Every time there is another school shooting, the gun control debate ignites. And, while I think it’s important to have that conversation, I also think we’re missing the actual root cause of the issue.

It’s fine for responsible adults to own guns. It’s not fine for kids to have access to them without adult supervision. Period. That’s one question I need answered. How do the kids who shoot up their schools get their hands on these weapons in the first place? Do their parents know their children have access to deadly weapons? Do the kids get the weapons from the parents? Where are the parents?

Right after the gun control debate, we go to the other, classic question. Where are the parents? It’s easy to judge, to assume they must be absent, or abusive, or just plain irresponsible and reckless. But, what if they’re not? What if they are just like us? What if our kids aren’t so different from their kids?

This isn’t an us and them issue, as much as we would love to put that space between ourselves and the parents of the kids who have done these terrible things. We have to stop blindly blaming them. We actually, really need them. We need their knowledge, their insight, their shock and regrets. We need to know what they saw, what they experienced living with their children before they become the kids who killed their classmates. Their stories might be the key to predicting and preventing the next horrible act of student violence.

Are these kids abused when they’re little? Are they bullied by other students, or treated unfairly by teachers? Are they mentally ill? Strung out on drugs? Are they desensitized from years violent video games, movies and television shows? Do they just snap under the sheer weight of their lives?

Maybe I’m naïve, but I just cannot accept the idea that any child is born with this kind of malice and hatred in their precious little heart. I have to believe they learn it. Maybe it comes from bad guys who inflict pain directly upon them. Or, maybe they absorb it from the rampant disregard for humanity that seems to dominate our bullshit culture. Maybe there’s something even darker at work here that I can’t fathom. I don’t know how it happens. I just know we have got to figure it out. We’ve got to fix this, and now.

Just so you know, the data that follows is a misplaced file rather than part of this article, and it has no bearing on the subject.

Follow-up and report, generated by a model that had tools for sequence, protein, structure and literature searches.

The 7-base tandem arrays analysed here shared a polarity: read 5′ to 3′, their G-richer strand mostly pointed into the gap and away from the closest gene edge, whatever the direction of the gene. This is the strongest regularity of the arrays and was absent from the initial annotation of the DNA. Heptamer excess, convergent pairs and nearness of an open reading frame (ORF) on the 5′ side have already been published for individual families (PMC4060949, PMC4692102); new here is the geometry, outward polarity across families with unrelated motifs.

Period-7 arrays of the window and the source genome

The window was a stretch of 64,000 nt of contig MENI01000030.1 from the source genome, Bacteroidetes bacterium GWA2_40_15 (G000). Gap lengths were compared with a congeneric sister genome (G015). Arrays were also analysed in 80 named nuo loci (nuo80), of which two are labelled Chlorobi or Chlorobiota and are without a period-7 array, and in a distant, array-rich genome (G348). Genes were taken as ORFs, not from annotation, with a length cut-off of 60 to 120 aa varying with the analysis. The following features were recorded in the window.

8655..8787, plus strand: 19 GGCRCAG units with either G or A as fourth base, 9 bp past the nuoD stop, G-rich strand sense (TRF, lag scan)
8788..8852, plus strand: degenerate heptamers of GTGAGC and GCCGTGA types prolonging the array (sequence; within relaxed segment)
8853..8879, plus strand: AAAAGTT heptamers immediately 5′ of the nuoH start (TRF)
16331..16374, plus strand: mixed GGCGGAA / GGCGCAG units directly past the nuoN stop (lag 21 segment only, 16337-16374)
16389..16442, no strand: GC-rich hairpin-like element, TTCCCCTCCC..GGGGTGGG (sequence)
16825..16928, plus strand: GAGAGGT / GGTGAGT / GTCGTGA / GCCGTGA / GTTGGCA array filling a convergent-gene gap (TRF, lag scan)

How do these kids become the kids who murder their peers? And, how can we reach them before they become school assassins?

That’s the conversation I hope our school district will have tomorrow. Are there warning signs? Can they tell which students might have violent tendencies? Is there any way to predict an event like this?

How do the kids get the guns in the first place, and how to they get them into the school building?

Do we need TSA style security checkpoints in all entrances of our public high schools?

What will it take to end this madness, and keep our kids safe?

This is the discussion we need to have. All of us. School officials, law enforcement, parents and maybe most importantly, the students. How can we all work together to make sure our schools never end up on the evening news?

My son will graduate in a few short months. He should be focused on his grades and getting ready for college in the fall. He should be thinking about prom, graduation, his birthday celebration and plans for the weekend. Instead, he is planning how to strategically take down an assassin in the halls of the very place he should go every day to feel safe, and concentrate on his future.

Why is my son talking about the halls of his high school like a soldier preparing for war?

 

 

 

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Why Planning a Wedding in your Forties Rocks.

“You must be so stressed with all the wedding planning!”

With our May wedding quickly approaching, I’ve heard this from just about everybody. I don’t think they even believe me when I tell them how stress-free and fun the process has been. Traditionally, weddings can be quite stressful. They’re expensive, there are lots of personalities involved- and it’s impossible to make every single person happy- there are so many decisions to make, and an unspoken expectation that everything must be absolutely perfect. This can be overwhelming for couples at any age. But, there seems to be something kind of magical about tying the knot in our forties.

First of all, we’re real grown-ups now, which means we get the bill for the whole thing. While this might sound like a downside, it is actually wonderful because it means we have complete autonomy. We don’t have to choose the venue where so-and-so got married, or use the caterer who went to hair school with our mother, or settle for silk when we really want fresh flowers in our centerpieces. We get to be in charge, which means we get to make the day whatever we want it to be. We get to choose all the special little details that will make our wedding unique and personal, without any of the stress that comes from having other people run the show via their checkbooks.